Category:February 27, 2008
Wikinews News Brief, February 27 2008 0430 UTC
- Revision: Publication
- Script by: User:NicholasTurnbull
- Read by: User:NicholasTurnbull
- Link to recording: In progress
Please note: this script may differ slightly from the content of the spoken recording.
[Opening music] This is Wikinews News Brief, summarising the current news on Wednesday the 27th of February 2008 at 0430 hours UTC. I’m Nicholas Turnbull.
Events of worldwide notability, military action, disasters etc.
In Kenya, discussions aiming to negotiate agreement between the ruling Party of National Unity and the opposing Orange Democratic Movement have been put on hold. The talks aimed to end violence caused in protests that have killed over 1,500 people since they began in December 2007. The talks between ruling president Mwai Kibaki and opposition leader Raila Odinga have been mediated by Kofi Annan, former head of the United Nations, who has stated that the talks have not broken down. Despite continued acrimony between the two political parties, it has been agreed that Odinga will be appointed to a newly-created post of Prime Minister, which is dependent on power sharing agreements being made.
Frank Walker, the Chief Minister of Jersey, has denied that a cover-up took place following the discovery of a child's remains during building work at the Haut de la Garenne children's home. Jersey has called in special police from the United Kingdom following an inquiry that located 140 sources verifying the claims of routine child abuse at the home. Stuart Syvret, the former Minister for Health and Social Services, spoke of a culture of cover-up and concealment within Jersey's government, and described the recent discovery as a manifestation of this culture. Syvret claims he was sacked from Jersey's cabinet after drawing attention to the abuse of children aged 11 to 16 in the island's care homes. The deputy police chief of Jersey, Lenny Harper, has stated that no evidence of a cover-up has been found, although added that allegations of government agencies not adequately handling reports of assault are currently being looked into. The investigation continues.
In Nigeria, a judge ruled yesterday that the country's 2007 election results will not be annulled, despite claims by opposition parties that the incumbent People's Democratic Party fixed the election results, of which current president Umaru Yar'adua is leader. Judge Abdulkadir Abubaka Jega ruled that there was no evidence that the polls had been rigged. Opposition parties have both declared an intention to take the matter to the Supreme Court. Concerns were raised by the international community as to the legitimacy of the electoral process, and the recent ruling could potentially cause instability between political rivals and spark protests.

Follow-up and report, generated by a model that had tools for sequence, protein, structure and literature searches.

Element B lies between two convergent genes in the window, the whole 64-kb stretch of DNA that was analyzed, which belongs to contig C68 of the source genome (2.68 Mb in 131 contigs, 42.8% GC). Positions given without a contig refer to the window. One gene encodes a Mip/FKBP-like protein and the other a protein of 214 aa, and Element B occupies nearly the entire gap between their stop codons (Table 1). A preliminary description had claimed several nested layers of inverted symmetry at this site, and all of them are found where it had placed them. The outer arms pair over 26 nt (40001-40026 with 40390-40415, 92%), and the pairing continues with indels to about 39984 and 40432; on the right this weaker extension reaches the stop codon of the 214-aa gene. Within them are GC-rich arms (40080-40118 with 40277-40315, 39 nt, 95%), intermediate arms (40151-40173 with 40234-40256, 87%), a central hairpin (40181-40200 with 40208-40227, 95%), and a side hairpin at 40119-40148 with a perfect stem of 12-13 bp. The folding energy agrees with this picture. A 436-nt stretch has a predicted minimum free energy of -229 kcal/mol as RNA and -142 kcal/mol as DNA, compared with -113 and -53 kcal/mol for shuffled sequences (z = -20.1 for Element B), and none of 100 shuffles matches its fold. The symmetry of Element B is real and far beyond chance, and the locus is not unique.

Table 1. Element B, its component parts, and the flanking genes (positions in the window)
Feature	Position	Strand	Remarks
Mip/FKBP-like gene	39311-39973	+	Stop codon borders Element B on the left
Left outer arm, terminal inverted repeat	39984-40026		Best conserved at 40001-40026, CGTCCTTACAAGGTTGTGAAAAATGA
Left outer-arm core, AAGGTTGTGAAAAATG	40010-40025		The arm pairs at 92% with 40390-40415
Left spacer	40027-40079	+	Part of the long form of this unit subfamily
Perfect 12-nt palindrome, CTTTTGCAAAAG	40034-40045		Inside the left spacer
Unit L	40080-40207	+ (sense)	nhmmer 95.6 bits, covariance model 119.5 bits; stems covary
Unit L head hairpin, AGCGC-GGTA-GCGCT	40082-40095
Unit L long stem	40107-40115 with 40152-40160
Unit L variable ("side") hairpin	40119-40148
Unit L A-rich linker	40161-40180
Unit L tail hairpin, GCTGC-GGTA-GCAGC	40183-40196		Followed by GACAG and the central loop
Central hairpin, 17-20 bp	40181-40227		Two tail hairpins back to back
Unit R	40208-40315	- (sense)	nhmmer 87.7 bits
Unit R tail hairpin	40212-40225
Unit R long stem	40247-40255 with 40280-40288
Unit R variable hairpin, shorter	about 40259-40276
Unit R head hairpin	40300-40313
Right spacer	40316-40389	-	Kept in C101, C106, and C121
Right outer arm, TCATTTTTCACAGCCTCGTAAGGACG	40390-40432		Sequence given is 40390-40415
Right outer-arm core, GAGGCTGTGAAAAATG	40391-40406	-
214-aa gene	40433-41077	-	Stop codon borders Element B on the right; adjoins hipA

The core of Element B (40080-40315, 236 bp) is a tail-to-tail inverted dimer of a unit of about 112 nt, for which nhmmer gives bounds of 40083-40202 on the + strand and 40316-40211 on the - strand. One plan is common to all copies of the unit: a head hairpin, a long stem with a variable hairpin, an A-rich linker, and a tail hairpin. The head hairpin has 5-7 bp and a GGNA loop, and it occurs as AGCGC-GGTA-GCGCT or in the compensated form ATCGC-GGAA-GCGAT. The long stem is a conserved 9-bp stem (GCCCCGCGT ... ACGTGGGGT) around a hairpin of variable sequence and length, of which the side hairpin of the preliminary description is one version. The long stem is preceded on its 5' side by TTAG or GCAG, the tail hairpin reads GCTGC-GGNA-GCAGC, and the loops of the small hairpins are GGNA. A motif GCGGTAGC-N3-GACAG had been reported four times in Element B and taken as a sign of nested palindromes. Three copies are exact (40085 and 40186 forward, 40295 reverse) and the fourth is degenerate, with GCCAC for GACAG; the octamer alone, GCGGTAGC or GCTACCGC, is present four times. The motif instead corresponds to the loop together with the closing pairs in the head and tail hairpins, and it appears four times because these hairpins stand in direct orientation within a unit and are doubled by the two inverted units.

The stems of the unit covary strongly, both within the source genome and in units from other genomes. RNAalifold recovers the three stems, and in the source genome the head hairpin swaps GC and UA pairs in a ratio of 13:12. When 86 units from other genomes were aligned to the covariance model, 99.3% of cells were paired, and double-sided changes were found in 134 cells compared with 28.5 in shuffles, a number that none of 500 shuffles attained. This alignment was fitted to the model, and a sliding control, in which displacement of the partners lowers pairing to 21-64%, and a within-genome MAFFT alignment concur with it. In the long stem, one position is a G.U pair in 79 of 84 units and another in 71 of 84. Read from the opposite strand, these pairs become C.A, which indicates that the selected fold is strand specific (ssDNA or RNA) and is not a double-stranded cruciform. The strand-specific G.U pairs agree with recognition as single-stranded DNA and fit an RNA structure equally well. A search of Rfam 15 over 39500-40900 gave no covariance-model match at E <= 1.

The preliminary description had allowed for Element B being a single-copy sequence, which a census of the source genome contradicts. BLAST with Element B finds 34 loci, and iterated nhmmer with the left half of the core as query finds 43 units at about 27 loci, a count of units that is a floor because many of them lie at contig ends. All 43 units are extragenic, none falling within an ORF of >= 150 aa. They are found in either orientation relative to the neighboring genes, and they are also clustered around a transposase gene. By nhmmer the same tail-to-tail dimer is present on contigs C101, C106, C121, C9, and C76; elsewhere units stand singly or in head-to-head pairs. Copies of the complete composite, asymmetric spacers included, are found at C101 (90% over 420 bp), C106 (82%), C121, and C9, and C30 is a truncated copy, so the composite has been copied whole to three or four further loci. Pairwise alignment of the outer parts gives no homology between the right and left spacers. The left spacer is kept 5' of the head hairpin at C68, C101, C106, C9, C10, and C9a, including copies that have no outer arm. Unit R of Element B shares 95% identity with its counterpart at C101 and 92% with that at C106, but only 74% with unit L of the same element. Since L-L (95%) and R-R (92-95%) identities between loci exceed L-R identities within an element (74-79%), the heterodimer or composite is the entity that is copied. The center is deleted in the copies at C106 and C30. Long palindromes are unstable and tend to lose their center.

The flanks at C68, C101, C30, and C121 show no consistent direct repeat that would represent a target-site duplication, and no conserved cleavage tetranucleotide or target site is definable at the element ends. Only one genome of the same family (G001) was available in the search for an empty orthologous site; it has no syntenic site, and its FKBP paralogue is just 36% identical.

The Iraqi government has demanded the immediate withdrawal of Turkish troops from Kurdish areas in the north of Iraq, describing the five-day incursion as threatening to otherwise cordial relations between the two countries. The Iraq Council of Ministers views the Turkish military as violating Iraq's sovereignty by the incursion. The Turkish forces entered Iraq in an attempt to force out Kurdish rebels from the Kurdistan Workers' Party, who have used bases inside Iraq to launch attacks on Turkish military forces. A spokesman for the Iraqi government acknowledged the threat posed to Turkey by the rebels, and affirmed that the government stands ready for dialogue. The president of the Iraqi parliament, Mahmoud al-Mashhadani, has asked the Turkish government to resolve the situation peacefully and suggests that Turkey should hold a referendum to grant the Kurdish population the rights that they desire.
Non-disastrous local events with notable impact and dead celebrities
Florida has been hit by massive blackouts which occurred throughout the state at around on Tuesday afternoon, when two pieces of equipment at an automated substation west of Miami failed at the same time. Approximately 680,000 residents served by the Florida Power and Light Company were affected, with over two million others affected in other parts of the state. Outages were reported from the south in the Florida Keys to as far north as Orlando and Daytona Beach. The most severe loss of power was experienced in Miami-Dade, and parts of Broward and Palm Beach counties. Engineering work is in progress to restore power across the state.
Thousands of people took part in a protest yesterday in New South Wales, Australia, against government plans to privatise the state's electricity industry. Members of parliament opposing the decision included Paul Gibson, Upper House president Peter Primrose, and former members Kerry Hickey and Grant McBride. The state government appears to be continuing with plans despite these protests, in which a related walk-out by members of the Electricity Trade Union took place in Tamworth.